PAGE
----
During the visit, talk turns to a bill Mr. Oliver has written, which would ban the teaching of “divisive concepts” in Alabama. Examples include critical race theory, commonly taught in law schools, with its arguments that the United States continues to be fundamentally shaped by white supremacy – seen in laws and norms that perpetuate racism in American institutions.

For Mr. Oliver, a page for former Alabama Gov. George Wallace at the 1976 Democratic presidential convention, the bill is a crucial part of the solution. He says it is impossible to move forward together on difficult issues like gun violence if society is always digging into the past to find points of contention. Pointing to an erosion of what he calls “patriarchal homes” and respect for authority, he says the country can’t “go forward if we keep pointing fingers at each other and finding reasons to make us different.” 

The Dadeville shootings, he says, are “a report card on what we’re doing with our kids, and it has as much to do with parents as it does kids.”

But as Mr. Oliver steps away, Ms. Woody, who is Black, shares her own thoughts on the way forward. 

“My great-great-grandfather was a slave driver,” she says. “If we ban talking about the past, how can we be sure we don’t repeat it?”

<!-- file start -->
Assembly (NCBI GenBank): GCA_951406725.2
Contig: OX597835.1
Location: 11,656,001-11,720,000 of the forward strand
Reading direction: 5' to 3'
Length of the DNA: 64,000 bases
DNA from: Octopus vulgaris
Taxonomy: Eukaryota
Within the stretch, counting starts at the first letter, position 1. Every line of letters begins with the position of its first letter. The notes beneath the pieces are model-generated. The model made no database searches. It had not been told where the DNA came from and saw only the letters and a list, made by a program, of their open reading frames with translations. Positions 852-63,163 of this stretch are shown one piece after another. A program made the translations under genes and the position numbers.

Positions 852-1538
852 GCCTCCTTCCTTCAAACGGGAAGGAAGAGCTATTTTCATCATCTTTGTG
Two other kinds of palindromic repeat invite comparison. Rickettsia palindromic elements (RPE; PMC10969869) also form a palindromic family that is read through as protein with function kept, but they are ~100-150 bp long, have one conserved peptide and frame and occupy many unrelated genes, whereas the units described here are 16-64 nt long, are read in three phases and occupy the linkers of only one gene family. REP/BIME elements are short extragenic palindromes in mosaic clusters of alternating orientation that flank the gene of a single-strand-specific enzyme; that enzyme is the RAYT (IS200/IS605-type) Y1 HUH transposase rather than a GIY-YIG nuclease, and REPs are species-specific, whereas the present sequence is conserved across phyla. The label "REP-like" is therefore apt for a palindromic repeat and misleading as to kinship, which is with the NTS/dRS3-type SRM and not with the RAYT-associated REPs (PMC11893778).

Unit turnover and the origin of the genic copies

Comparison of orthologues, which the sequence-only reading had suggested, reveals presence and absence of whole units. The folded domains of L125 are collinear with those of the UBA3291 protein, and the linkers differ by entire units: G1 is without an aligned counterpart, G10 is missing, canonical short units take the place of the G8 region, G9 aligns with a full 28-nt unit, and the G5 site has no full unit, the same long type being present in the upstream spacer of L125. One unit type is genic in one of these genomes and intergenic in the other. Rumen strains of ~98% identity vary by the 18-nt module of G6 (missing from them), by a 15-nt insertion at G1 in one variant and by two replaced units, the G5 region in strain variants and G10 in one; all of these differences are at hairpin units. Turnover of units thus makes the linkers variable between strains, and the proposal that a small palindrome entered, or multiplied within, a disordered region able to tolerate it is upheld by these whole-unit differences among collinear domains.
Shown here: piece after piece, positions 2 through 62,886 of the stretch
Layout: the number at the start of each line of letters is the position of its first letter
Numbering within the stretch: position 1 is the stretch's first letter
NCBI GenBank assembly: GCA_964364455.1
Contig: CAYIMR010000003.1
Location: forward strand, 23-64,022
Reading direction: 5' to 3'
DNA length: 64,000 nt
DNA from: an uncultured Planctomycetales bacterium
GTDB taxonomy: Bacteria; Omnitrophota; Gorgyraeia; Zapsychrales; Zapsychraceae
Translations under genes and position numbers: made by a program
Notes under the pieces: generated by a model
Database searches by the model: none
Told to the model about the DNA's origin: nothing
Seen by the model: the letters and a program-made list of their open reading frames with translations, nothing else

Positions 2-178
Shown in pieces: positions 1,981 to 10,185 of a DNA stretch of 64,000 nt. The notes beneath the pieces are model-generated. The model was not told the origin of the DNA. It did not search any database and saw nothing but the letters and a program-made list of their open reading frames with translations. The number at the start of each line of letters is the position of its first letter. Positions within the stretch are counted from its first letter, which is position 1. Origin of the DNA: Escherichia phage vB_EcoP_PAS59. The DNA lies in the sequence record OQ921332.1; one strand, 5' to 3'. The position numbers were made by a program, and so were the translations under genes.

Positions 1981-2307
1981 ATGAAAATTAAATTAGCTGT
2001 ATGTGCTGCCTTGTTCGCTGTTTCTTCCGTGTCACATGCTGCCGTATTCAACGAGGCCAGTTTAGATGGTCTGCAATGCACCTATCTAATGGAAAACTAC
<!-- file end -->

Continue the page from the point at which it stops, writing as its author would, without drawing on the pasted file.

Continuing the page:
A town “wrapped in amber”

Around town, many agree with her. 

Camp Hill has long served as a stage for Black Americans’ often-violent struggle for rights, recognition, and equal treatment. 

Past residents include Ned Cobb, a former sharecropper whose reflections in the 1974 book “All God’s Dangers” helped America understand the peculiar and dangerous dynamics of race in the Deep South. Armed conflicts between sharecroppers and Jim Crow authorities here in the 1930s led directly to key provisions in the New Deal that improved prospects for Black citizens nationwide. After writing “To Kill a Mockingbird,” author Harper Lee spent months in the area researching a potential true-crime novel about the sensational murder of a preacher at a funeral home.

To many, past and present are too intertwined to ignore. 

“This town was wrapped in amber,” says Warren Tidwell, who has studied Camp Hill as head of a local nongovernmental organization. “It has now been galvanized” to find answers.